Video: Pot for medicine and profit

By Anchor
CNBC
updated 12/8/2010 5:54:02 PM ET 2010-12-08T22:54:02

The story of marijuana’s growing acceptance in America begins in the Colorado Rockies, where cannabis is meeting capitalism head-on.

Once a month, at his downtown Denver restaurant, chef Scott Durrah teaches a cooking class. It’s well attended, mostly by retired and affluent boomers. It’s exactly the market Durrah and his wife and business partner Wanda James want to reach.

“What we're seeing, which is really interesting, are older people,” said James. “I would say over the age of 30, and definitely women. These women are your mom, your grandmother, women that you see at the post office, at the day care center."

It’s their new twist on classic cuisine that draws this crowd. The ingredients are common, except for one — a Colorado-grown herb. The secret ingredient is marijuana.

Pot has arrived in mainstream America. And entrepreneurs like Durrah and James are leading the way as one of Denver’s power couples, prominent in the local political and business scenes. He’s is a former marine. She’s an ex-naval intelligence officer, a successful public relations executive and a top political fundraiser.

In most places in America, they would be considered dope dealers. In Colorado, they are savvy entrepreneurs in a fast-growing, state-sanctioned industry, branding and marketing medical marijuana under their label, “simply pure.”

It’s a new kind of company in an old industry, one that generates tens of billions of dollars a year in this country. Most of it illegally.

Durrah and James are taking the high road, using their business knowhow to take America’s most popular drug from the back alley to the corporate suite.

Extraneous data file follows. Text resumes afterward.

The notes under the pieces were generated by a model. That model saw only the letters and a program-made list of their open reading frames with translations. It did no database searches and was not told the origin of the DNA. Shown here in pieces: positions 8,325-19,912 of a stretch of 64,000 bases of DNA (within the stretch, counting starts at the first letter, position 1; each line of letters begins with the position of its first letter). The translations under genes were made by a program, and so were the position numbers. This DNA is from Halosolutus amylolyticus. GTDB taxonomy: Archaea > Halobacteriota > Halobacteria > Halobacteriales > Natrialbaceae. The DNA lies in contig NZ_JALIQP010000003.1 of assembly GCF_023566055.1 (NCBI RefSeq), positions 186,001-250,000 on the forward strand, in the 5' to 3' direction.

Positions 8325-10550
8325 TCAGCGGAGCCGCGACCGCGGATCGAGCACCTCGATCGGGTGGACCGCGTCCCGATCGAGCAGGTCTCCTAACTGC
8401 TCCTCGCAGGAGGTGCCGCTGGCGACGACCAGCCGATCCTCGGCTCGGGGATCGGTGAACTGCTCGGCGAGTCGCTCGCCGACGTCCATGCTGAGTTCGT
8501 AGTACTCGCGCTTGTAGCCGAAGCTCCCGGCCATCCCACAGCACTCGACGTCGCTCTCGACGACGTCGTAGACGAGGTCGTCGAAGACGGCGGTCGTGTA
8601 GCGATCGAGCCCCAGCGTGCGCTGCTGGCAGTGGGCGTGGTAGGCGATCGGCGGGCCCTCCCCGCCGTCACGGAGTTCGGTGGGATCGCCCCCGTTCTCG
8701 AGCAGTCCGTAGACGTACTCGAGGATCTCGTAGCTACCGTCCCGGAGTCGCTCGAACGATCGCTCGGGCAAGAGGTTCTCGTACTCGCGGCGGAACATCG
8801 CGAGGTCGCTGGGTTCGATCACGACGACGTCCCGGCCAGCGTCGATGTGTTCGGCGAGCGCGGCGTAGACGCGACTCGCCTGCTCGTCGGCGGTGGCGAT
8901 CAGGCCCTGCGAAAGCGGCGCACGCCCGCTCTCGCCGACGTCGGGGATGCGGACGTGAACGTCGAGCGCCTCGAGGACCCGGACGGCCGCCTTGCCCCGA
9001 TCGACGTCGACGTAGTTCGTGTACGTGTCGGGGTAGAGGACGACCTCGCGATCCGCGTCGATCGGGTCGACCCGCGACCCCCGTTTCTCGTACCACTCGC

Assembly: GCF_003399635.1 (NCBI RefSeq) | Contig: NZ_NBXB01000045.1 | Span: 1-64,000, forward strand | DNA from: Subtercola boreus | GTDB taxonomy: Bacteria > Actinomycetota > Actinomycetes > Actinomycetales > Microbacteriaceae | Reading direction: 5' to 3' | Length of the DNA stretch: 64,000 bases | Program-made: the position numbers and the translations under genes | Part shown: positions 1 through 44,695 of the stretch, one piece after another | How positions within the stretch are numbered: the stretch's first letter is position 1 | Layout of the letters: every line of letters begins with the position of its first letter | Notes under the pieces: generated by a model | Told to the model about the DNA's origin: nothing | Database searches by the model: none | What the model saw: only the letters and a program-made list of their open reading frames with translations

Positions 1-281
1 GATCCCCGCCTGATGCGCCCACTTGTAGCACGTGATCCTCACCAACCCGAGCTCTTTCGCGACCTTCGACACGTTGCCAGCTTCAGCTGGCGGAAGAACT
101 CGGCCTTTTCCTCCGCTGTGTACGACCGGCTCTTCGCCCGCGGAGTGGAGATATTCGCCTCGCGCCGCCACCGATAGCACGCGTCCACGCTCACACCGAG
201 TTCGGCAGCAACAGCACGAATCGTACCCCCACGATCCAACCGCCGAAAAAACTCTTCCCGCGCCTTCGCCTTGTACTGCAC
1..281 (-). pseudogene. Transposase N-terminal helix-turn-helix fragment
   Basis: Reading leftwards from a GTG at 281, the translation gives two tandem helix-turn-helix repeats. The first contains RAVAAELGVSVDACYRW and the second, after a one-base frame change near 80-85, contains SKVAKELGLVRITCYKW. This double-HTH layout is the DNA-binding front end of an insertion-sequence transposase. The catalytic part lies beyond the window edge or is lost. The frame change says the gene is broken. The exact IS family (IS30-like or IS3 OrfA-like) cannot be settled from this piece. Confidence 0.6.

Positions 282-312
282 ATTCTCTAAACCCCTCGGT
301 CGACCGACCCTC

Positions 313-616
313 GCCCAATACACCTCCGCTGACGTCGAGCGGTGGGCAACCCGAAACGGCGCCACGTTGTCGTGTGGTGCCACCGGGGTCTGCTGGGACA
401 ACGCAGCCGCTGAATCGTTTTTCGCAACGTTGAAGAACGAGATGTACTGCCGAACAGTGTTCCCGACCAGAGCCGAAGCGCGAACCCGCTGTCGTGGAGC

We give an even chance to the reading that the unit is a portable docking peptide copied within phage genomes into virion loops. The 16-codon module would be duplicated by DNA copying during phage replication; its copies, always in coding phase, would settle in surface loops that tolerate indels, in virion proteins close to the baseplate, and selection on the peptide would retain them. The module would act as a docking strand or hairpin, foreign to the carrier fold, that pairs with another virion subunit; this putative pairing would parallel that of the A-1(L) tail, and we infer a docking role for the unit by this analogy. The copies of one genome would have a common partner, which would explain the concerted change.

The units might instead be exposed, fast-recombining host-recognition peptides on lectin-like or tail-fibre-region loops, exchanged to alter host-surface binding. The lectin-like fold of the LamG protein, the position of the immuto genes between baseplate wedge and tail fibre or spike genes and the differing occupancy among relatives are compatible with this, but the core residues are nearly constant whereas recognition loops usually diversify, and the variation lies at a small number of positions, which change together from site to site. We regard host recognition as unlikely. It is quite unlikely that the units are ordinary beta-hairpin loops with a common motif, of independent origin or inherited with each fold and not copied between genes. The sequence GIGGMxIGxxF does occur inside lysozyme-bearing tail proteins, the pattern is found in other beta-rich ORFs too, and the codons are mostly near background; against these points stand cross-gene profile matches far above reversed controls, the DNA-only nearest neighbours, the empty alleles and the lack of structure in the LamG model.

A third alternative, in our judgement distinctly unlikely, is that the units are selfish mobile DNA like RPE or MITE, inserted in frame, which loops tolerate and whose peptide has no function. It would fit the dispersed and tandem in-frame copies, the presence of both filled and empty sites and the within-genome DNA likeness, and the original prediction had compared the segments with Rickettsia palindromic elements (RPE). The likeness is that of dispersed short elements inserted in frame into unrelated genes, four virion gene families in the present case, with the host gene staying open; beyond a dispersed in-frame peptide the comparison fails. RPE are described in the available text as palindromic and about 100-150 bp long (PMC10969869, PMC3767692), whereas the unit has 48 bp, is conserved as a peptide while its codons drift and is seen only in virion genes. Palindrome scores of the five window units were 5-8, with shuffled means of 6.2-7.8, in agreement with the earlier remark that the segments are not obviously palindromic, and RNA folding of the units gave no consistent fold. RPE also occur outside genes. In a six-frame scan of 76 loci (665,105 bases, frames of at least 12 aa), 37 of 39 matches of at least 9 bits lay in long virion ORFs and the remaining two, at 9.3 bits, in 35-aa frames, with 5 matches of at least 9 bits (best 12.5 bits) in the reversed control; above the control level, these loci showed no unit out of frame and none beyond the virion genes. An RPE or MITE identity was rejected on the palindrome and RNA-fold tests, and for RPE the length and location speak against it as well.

“When you look around this industry and the people who have come into the industry, there are people who were laid off from corporate America," James said. "This is America's new hot industry.”

James took CNBC to the heart of the operation: a lush marijuana farm inside a temperature-controlled warehouse. With 1000-watt lights, a sped-up growth cycle produces a new crop every two to three weeks - about twice as fast as Mother Nature. According to James, a typical plant yields 2.5 ounces of marijuana, with high-end varieties selling for $300 to $450 an ounce.

CNBC Special Report:
Marijuana USA

Even at those prices, medical marijuana is flying off the shelves. The choices are exotic, like choosing a bottle of wine. If you need help, just ask the pros, known here as “bud-tenders.”

As long as you have a state medical marijuana license, you can sample all you want. It’s all regulated, taxed and legal as far as the state is concerned.

Federal law, on the other hand, said pot is illegal. But in 2009, President Barack Obama directed the U.S. Department of Justice to defer to state laws regarding medical marijuana. With a single memo, the White House turned 70 years of prohibition on its head by advising U.S. attorneys in medical marijuana states to not go after individuals who are “in compliance with state laws.”

The threat of raids by the Drug Enforcement Administration seemed a thing of the past, and Colorado’s cannabis gold rush took off. People applied for medical marijuana licenses in droves, flooding the health department with more than 500 applications a day. The number of dispensaries jumped from about a dozen to more than a thousand across the state — outnumbering Starbucks almost two to one.

Today, you can buy pot next to a pizzeria, an auto repair shop or inside a medical office building. From downtown to the suburbs, pot dispensaries become neighborhood fixtures.

That’s too close to home for some parents, like Eric and Stacey Howell.